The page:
Content has become noticeably more popular in recent years and you have probably seen on many of the social media channels the onslaught of articles, infographics, blogs, photos and videos all trying to communicate a message and compete for the readers’ attention. All types of companies, big and small as well as entrepreneurs, and consultants are producing content to let their voice be known, all while trying to carve out their own slice of the market. It’s a daunting task to say the least.

The Content Marketing Institute’s 2015 Reports show that 69% of B2C and 70% of B2B marketers are creating more content this year than last year.                             – Content Marketing Institute

Those of us who produce content for a living understand that our job is not just about telling a story to engage the prospective customer or even just to obtain eyeballs on our content. Yes, that is very important. The real factor that is rarely discussed and even more rarely executed in marketing departments is how to measure content so that ROI is determined.

Do you know what your ROI is on the content your marketing team is producing?

Marketers cringe when the CFO strolls in the office and asks the question, “Do you know what your ROI is on the content your team is producing?” You better have a well thought-out answer for this or else your job may be on the line. Here are 10 ways for your marketing team to create a heightened content awareness as well as determining an increased market share metric for your content. Then, when the CFO walks in your office, your answer won’t be a fluffy, creative response that sounds like you really have no idea what you’re talking about. Remember, in business, content may be important, but increased revenues and profitability are the goals.

  1. Repurpose Content: Don’t just create content once and use it once. That’s bad business. Make sure you create it once and post, tweet, produce and tweet it several times to get maximum value. Tip: Count the number of times you re-purposed that content and re-posted, tweeted on social. If you can also determine how this content lead the customer to a conversion activity, that is even better.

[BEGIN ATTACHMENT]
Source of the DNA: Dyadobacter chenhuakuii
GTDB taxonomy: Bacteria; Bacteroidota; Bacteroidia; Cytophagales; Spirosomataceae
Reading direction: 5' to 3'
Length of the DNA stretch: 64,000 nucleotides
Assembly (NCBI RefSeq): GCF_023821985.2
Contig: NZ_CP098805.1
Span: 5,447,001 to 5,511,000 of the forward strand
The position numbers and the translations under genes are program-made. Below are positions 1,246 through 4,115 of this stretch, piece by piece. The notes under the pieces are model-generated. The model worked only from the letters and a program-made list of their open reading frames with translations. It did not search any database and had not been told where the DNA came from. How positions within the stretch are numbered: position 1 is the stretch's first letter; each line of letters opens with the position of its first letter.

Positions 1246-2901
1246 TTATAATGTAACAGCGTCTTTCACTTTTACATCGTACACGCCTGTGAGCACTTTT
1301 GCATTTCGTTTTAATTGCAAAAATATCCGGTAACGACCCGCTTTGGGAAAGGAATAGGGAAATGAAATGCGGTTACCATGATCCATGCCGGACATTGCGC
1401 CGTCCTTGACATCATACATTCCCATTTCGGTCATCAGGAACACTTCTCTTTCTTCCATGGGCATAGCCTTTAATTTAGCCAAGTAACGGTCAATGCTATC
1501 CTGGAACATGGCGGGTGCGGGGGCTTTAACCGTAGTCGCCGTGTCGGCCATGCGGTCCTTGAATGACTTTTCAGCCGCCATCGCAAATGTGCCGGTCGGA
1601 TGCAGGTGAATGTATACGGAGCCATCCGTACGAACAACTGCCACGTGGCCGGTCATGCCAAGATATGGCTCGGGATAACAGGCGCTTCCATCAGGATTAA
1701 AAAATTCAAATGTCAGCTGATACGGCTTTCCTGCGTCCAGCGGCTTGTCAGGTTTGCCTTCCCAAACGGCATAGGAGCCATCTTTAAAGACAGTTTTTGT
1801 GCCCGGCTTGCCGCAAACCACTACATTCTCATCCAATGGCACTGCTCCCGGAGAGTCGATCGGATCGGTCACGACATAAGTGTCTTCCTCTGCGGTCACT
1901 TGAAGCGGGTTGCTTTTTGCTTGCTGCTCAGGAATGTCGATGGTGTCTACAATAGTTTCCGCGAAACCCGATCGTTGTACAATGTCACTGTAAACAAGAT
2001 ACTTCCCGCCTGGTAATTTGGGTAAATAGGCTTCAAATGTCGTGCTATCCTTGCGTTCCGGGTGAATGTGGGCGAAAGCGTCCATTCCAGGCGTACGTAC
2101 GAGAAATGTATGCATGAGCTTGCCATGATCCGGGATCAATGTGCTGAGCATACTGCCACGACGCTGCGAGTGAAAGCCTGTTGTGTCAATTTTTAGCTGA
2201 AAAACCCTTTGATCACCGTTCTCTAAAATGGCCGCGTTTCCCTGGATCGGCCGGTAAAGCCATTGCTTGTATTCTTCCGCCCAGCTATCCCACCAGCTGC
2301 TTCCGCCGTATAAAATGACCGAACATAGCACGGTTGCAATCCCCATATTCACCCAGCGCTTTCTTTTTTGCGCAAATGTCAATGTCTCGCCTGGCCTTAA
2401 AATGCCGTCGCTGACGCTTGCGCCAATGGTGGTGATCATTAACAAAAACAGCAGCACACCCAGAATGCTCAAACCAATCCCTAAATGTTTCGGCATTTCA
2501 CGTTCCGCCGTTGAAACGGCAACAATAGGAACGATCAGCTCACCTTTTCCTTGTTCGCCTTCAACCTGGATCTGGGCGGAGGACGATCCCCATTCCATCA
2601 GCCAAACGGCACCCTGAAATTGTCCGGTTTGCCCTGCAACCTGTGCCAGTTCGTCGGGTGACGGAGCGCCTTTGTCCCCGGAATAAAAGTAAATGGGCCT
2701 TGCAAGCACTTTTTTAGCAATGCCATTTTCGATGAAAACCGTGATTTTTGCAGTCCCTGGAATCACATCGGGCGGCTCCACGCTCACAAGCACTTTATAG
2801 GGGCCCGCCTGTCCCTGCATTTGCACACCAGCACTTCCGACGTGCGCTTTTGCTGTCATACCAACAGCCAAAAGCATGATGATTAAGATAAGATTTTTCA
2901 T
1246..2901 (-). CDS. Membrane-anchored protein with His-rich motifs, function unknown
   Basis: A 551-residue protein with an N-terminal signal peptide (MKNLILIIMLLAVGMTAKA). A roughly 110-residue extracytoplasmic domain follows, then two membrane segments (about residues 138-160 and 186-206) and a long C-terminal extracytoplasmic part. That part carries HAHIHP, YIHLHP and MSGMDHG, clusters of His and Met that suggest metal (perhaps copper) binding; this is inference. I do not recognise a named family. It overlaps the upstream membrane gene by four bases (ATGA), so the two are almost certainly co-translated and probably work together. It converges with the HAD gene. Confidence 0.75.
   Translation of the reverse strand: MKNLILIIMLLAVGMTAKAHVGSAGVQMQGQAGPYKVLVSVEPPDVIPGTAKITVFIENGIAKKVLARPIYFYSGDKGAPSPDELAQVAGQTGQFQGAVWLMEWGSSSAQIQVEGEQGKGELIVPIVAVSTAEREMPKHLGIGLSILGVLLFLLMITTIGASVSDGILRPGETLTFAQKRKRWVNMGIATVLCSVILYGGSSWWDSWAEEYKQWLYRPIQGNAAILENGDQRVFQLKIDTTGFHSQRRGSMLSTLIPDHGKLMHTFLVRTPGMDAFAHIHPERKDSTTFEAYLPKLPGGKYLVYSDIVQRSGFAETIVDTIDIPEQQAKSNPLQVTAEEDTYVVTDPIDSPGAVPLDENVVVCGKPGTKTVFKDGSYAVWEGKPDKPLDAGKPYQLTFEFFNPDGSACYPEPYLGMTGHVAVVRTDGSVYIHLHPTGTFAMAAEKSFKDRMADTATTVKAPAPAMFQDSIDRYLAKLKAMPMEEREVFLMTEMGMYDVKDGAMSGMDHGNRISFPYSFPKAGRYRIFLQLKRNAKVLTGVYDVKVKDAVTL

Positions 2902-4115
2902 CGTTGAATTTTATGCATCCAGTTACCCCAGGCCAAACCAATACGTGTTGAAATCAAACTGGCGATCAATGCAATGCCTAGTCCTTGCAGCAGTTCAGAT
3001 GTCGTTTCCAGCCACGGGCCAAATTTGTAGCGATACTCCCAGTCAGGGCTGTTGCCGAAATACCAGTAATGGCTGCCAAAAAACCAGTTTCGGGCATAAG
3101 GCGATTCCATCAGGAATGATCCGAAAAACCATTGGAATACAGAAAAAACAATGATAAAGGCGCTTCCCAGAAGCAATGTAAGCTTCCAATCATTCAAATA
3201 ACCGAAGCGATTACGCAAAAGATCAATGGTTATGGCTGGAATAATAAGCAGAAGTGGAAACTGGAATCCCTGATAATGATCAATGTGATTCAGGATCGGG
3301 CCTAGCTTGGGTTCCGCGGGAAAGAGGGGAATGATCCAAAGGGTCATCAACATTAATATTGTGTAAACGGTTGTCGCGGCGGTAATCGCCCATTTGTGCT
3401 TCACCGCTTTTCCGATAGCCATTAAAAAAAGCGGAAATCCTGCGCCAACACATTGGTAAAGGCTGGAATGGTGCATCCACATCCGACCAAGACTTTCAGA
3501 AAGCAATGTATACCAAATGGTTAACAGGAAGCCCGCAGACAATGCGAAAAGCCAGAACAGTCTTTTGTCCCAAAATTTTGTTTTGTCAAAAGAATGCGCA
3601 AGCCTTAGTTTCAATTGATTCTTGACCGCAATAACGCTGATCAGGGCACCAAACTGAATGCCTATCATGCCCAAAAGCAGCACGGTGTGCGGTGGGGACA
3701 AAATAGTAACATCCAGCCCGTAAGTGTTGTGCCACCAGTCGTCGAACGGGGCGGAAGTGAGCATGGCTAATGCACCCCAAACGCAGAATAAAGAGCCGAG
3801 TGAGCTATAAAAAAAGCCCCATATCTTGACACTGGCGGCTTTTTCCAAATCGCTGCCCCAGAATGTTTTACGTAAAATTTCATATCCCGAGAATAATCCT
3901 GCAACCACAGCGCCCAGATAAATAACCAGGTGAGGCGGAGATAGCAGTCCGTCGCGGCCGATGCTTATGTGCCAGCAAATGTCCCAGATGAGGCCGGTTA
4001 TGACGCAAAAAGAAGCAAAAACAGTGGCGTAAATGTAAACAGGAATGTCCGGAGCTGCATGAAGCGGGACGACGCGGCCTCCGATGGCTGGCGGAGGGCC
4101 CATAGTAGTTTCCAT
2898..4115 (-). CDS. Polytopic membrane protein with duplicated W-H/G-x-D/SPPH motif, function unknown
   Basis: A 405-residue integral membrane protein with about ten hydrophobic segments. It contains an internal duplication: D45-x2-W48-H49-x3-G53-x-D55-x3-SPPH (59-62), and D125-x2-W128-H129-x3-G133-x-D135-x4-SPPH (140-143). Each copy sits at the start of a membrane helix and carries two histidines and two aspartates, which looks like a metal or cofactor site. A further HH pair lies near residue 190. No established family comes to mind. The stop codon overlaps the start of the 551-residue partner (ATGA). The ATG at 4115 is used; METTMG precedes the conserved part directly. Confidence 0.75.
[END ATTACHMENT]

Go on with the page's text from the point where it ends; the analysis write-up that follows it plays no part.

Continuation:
1. 10 Item List: Just like this blog has 10 items, you should create lists that have ten items as well. Research shows that lists with 10 items had 4 times as many social shares than the second most popular list that had even more items on it. The goal here is to generate more eyeballs and shares so that your content is seen and more customer touchpoints are created. If you know your blog for instance took 1 hour to create, and is also getting 1000 eyeballs per month and then shared 4 times beyond that, you can then provide a metric that determines the cost of producing that content along with the number of people that saw it. This can become a great data point that suggests your content marketing is far more cost effective than even paid media.
  1. Byline: Sometimes these are overlooked and sometimes they are not. However on Google +, articles with bylines receive a 42% boost over those without them. Bylines add credibility and consumers trust credible brands. That 42% boost is huge and your cost of producing that content is reduced significantly.
  1. Images: On Facebook, posts with images receive more than twice as many shares than posts without images. The same is true with Twitter. Tip: Take photos with your smartphone to help tell the story, or you can use apps like Canva to help spruce-up your articles. If you knew that your next post was going to double in shares because it had a nice image, would you use it? Of course you would.

Posts with visuals receive 94% more page visits and engagement than those without. – WishPond